A doctor prescribed a dietary supplement prepared from powdered animal bone for a young woman with dysmenorrhea. Severe lead poisoning developed while she was taking the powder, which was shown to be contaminated with lead. The diagnosis eluded more than 20 physicians and was finally made by the patient herself. The Food and Drug Administration, informed of the contamination, declined to take action, stating that a food supplement is neither a food nor a drug and, besides, there are no maximal limits for heavy-metal contamination of foods and drugs.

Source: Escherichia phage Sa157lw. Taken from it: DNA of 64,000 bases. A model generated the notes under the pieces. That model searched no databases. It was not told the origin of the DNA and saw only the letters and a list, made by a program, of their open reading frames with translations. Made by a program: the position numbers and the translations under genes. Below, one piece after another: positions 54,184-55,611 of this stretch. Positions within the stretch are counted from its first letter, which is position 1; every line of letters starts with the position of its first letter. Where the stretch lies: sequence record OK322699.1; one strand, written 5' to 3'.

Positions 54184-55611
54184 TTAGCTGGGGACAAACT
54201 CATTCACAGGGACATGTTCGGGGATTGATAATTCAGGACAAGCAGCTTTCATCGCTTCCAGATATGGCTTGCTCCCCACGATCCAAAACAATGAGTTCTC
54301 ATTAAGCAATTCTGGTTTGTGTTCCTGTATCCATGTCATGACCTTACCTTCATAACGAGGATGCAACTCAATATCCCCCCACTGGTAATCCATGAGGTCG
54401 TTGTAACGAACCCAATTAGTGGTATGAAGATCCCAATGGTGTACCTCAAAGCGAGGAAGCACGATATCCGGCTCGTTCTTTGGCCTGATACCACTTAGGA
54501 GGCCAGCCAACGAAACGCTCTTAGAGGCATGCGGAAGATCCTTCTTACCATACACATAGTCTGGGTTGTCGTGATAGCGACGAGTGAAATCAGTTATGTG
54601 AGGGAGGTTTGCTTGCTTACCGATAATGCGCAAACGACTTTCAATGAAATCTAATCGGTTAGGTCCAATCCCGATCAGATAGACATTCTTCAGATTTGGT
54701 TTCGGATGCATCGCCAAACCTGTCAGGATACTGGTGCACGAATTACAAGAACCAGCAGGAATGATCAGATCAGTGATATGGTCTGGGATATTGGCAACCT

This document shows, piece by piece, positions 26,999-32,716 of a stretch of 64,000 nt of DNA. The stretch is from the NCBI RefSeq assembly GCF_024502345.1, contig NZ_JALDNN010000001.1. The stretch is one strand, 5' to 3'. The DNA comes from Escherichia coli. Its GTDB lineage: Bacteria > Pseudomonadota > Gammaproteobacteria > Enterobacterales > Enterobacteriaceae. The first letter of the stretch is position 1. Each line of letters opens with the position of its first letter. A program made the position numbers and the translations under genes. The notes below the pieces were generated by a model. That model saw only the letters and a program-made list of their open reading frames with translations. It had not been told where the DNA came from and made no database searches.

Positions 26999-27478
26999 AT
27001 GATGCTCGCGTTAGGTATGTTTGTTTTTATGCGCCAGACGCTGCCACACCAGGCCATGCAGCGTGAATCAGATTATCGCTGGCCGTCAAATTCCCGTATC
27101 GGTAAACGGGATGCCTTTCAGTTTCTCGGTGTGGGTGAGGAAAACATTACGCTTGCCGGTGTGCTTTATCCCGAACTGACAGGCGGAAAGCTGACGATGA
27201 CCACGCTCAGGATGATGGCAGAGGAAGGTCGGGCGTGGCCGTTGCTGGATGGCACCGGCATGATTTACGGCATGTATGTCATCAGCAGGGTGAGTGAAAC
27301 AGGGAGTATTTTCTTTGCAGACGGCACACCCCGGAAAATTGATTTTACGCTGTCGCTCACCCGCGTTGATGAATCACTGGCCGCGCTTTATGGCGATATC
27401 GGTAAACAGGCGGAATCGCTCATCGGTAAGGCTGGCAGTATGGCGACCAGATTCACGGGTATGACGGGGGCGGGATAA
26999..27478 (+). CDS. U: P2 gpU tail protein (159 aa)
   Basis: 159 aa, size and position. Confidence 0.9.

(JAMA 237:2627-2629, 1977)
Crosby WH. Lead-Contaminated Health FoodAssociation With Lead Poisoning and Leukemia. JAMA. 1977;237(24):2627–2629. doi:10.1001/jama.1977.03270510049022
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